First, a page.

More information on Capsaicin:

Informal Information

Positive Experiences
[Hot peppers]: "I get some relief for a while if I eat really hot peppers." Source: Anonymous. 
Atypical Facial Pain - "I've been using capsaicin with a dental splint off and on for over a year to treat atypical facial pain. It always relieves the deepest pain after 2-3 applications. Source: Anonymous. 
Trigeminal Neuralgia - "I consider Zostrix to have cured my tic doloroux or whatever name you care to give it. I don't use  the word cure lightly, however, in my case I believe it applies." - Source: Anonymous. 
Glossopharyngeal Neuralgia and Trigeminal Neuralgia - "My experience with cayenne has been somewhat successful. i have been taking cayenne capsules 4 times x 2 daily with food since December and my attacks have been lessened by more than 80%. I can't complain about that. it works for me. "  Source: Anonymous. 
Trigeminal Neuralgia - "I was in the midst of my longest attack ever--five weeks.  I was desperate, grasping at straws.  I bought a tube of Capsaicin cream (in the .05% strength).  The pain lessened with the first application!  Three hours later, after the second application, the pain was GONE.  I have been using it ever since--four applications per day.  I have had NO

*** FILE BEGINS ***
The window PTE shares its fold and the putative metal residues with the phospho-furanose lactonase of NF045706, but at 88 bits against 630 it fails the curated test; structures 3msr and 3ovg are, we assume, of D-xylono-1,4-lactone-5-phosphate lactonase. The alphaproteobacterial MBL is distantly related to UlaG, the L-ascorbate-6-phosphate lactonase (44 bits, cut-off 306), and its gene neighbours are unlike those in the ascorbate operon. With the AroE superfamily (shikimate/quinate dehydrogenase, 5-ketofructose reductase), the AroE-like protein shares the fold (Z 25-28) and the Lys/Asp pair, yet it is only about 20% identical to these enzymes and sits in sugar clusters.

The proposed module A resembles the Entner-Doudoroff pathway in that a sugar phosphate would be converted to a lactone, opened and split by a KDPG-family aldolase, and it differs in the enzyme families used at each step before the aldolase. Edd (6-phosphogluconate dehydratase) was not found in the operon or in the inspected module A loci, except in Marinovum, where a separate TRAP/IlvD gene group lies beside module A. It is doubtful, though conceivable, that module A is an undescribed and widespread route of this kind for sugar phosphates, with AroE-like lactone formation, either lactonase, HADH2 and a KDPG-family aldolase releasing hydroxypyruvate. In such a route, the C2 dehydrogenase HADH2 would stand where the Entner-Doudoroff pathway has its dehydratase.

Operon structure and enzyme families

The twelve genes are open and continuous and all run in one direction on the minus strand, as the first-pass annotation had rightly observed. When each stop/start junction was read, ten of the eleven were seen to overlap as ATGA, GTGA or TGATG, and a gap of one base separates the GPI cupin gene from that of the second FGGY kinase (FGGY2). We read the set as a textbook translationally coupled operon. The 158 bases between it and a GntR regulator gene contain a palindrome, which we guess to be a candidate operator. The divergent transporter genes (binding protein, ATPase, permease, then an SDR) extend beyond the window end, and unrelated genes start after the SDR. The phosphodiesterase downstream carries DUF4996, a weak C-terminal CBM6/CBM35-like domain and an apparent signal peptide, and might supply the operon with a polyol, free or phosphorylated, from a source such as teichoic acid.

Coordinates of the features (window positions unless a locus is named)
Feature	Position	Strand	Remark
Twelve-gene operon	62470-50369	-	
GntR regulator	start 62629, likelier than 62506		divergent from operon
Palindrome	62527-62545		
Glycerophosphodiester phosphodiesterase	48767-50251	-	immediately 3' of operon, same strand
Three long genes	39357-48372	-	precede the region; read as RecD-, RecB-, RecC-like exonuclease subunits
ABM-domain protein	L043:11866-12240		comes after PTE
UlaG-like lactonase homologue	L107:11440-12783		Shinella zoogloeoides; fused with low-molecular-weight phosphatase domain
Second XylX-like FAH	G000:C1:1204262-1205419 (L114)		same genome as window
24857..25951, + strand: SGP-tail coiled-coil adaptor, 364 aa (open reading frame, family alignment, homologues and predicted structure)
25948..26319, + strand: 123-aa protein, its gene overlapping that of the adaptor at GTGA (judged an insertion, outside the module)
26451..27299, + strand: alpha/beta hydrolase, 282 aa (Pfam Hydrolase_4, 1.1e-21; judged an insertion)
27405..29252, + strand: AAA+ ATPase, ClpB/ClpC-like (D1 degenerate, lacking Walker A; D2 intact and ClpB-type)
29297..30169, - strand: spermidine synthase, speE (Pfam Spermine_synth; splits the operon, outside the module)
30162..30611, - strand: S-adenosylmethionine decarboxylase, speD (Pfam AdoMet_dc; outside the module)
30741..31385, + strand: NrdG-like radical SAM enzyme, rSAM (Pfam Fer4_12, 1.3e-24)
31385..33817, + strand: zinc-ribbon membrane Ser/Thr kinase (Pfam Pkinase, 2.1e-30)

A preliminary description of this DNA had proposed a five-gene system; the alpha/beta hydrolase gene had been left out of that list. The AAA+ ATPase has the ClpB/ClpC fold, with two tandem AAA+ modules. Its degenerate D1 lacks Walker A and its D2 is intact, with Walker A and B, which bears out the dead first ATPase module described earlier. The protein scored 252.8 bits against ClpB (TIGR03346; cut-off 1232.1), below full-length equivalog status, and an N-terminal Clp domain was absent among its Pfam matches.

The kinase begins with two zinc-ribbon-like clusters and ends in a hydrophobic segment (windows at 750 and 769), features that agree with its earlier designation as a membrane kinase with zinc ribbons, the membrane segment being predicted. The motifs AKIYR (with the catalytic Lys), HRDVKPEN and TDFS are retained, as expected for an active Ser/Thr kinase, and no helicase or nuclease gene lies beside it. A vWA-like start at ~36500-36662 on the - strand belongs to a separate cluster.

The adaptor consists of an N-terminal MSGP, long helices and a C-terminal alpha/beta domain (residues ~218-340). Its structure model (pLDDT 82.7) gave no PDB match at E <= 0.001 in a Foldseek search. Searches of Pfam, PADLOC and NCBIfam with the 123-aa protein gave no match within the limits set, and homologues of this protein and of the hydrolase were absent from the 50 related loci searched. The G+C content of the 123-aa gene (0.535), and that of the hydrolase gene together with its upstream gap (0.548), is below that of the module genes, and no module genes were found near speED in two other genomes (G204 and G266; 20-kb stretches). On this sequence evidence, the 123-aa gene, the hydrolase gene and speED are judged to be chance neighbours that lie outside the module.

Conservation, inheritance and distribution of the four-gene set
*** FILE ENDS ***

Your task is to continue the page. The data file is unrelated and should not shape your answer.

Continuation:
PAIN.  I can't believe it...but it's true!  I hope everyone will try it--I read a study that said it worked for about half of the TN
sufferers who tried it!  Lucky 50%.  I hope you fall into that category!"   Source:  Anonymous
Negative Experiences
 [Hot peppers]:"All I get is a burning mouth. Just more pain." Source: Anonymous. 
Mixed Experiences
It seemed to work during my first attack of this, but now I'm thinking that maybe the sensations just went away on their own, because it doesn't seem to work anymore." Source: "Janine"

    Acknowledgments.  Research and editing for the April 1998 update - Leslie Carroll and Red Lawhern.